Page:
Las Vegas-based R & R Partners is one of the largest, fastest growing and most respected advertising and public relations firms in the United States. Established as a three-person office in 1974, the agency now employs more than 200 people and bills more than $150 million annually.

Of course, with tremendous growth often come considerable challenges. When we were referred to R & R, the company had already burst out of its 17,000 square foot main building and was forced to rent adjacent satellite offices. One visit revealed staff members sitting in hallways, closets, even entryways. As R & R president Billy Vassiladis aptly put it, “This was not conducive to interaction between all departments.” That’s when the company began to think seriously about building a new corporate headquarters.

When we explore the possibility of working with a prospective client, we first seek alignment. Research and informal interviews indicated that our firms shared similar visions and core values. The way we defined our respective professions was particularly relevant. For us, the word “architect” had proven too limiting, as the word “advertising” had been for R & R. Armed with this knowledge (and ensuing empathy), we felt that collaboration could be a mutually satisfying and rewarding process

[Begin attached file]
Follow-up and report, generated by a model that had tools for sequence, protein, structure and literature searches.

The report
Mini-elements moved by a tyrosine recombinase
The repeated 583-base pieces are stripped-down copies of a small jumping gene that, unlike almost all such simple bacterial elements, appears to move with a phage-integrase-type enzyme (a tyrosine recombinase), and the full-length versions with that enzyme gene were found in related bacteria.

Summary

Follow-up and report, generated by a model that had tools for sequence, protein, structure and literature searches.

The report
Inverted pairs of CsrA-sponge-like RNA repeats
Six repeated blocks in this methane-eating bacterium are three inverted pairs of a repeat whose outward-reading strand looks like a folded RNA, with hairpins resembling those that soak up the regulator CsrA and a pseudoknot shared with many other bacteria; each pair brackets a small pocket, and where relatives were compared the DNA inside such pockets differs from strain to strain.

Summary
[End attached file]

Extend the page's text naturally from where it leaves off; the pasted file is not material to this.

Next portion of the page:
Even during these early stages, we realized that non-traditional office space would be best suited to serve R & R’s culture, vision, people and needs. Through a series of surveys, in-depth interviews, departmental tours, client-centered design charettes, focus groups and participant observation, we identified several organizational, operational and physical challenges, and converted them into project goals:

  • To stitch the community (R & R’s multi-disciplinary culture and “uncorporate” personality) back together, both physically and emotionally
  • To express and define the R & R Partners brand
  • To provide flexible space that inspires collaborative creative thinking and problem-solving